Your systems have to scale, but your process does too. Use one that you can sustain consistently across the breadth of your concerns, given your available resources. Just because something worked on a demo project does not mean it will survive a collision with the rest of the stuff on your plate. Organizations often design processes for vertical scalability (adjusting the rigor and demands to the size of the effort), but fewer think about scaling horizontally (ensuring that you can still apply the process to many efforts of a similar size).

Relearning My Lesson

Already knowing something is a terrible reason for not learning it again.

Last year, I decided that I didn’t like a certain person, based on fleeting observations, cursory interactions, the testimony of others, and a raft of tenuous inferences.

Yesterday, circumstance put me in a position to actually talk with him for the first time. It turns out he’s a pretty good guy – intelligent, interesting, engaged, funny, and self-deprecating without telegraphing a sense of false humility. I was flat wrong about him.

I was surpised by my discovery, but of course, I shouldn’t have been. It’s happened to me before – making judgments based on shaky evidence, and coming to a false conclusion about somebody, whom I then write off, until I am proven dramatically wrong. Based on past situations of a similar nature, I should have known better about being so judgmental – actually, I did know better – but I repeated the mistake anyway.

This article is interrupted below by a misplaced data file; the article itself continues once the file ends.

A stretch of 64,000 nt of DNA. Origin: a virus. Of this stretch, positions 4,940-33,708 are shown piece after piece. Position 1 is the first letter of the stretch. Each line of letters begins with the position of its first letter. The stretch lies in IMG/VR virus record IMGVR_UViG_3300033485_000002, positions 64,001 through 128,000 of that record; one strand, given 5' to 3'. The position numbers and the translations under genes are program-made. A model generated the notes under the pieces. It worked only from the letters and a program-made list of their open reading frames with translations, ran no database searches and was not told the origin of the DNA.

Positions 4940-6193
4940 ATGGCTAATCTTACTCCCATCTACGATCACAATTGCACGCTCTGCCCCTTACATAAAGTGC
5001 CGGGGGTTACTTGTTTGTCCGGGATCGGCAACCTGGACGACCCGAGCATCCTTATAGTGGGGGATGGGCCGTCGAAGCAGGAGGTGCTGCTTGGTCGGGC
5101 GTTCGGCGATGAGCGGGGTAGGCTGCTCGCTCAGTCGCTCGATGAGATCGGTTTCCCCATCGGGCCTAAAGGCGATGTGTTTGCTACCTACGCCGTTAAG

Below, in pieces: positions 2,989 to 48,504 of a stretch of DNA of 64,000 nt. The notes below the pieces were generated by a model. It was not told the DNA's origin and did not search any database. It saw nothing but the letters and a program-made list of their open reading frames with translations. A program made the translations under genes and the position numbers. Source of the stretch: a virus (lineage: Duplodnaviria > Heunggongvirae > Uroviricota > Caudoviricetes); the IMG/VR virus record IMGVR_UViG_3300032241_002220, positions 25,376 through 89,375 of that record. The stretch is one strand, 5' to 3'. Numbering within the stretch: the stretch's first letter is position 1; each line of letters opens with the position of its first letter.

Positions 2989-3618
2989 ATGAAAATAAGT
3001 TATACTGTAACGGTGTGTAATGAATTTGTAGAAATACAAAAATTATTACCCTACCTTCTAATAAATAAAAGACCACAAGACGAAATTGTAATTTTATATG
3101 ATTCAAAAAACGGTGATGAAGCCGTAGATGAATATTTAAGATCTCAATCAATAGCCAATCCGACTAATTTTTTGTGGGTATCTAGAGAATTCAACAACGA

Knowing something (e.g., don’t judge a book by its cover) and even really believing in it (having some emotional affinity for the knowledge) is quite different from mastering it. Mastering it, to the point where you are consistently faithful to it, takes a good bit of practice. The mere fact that you assent to a given proposition doesn’t make it second nature to you. It only becomes second nature when you purposefully keep it near the top of your consciousness, where you can recollect it readily and then live accordingly.

That’s why trite sayings, truisms, and other fundamentals that we come to take for granted are really very important to hear. For most ideas, repetition and reinforcement are as important as the original learning. While I sometimes chafe at the expression of basic truths / principles, and quietly dimiss those who offer them as unsophisticated, it turns out that I often need a refresher on such truths.  When I was 17, I was fairly good at calculus, but virtually all of that discipline is lost to me today, chiefly for lack of practice with it. I’d hate for that to happen with many other pieces of knowledge that are in principle already known to me.

Sooner or later, I’ll let my recent lesson about snap judgments drift out of memory, and not far after I’ll be doomed to repeat it. Hopefully, after I re-learn it enough times, I’ll get to the point where I finally know it – by heart, so to speak.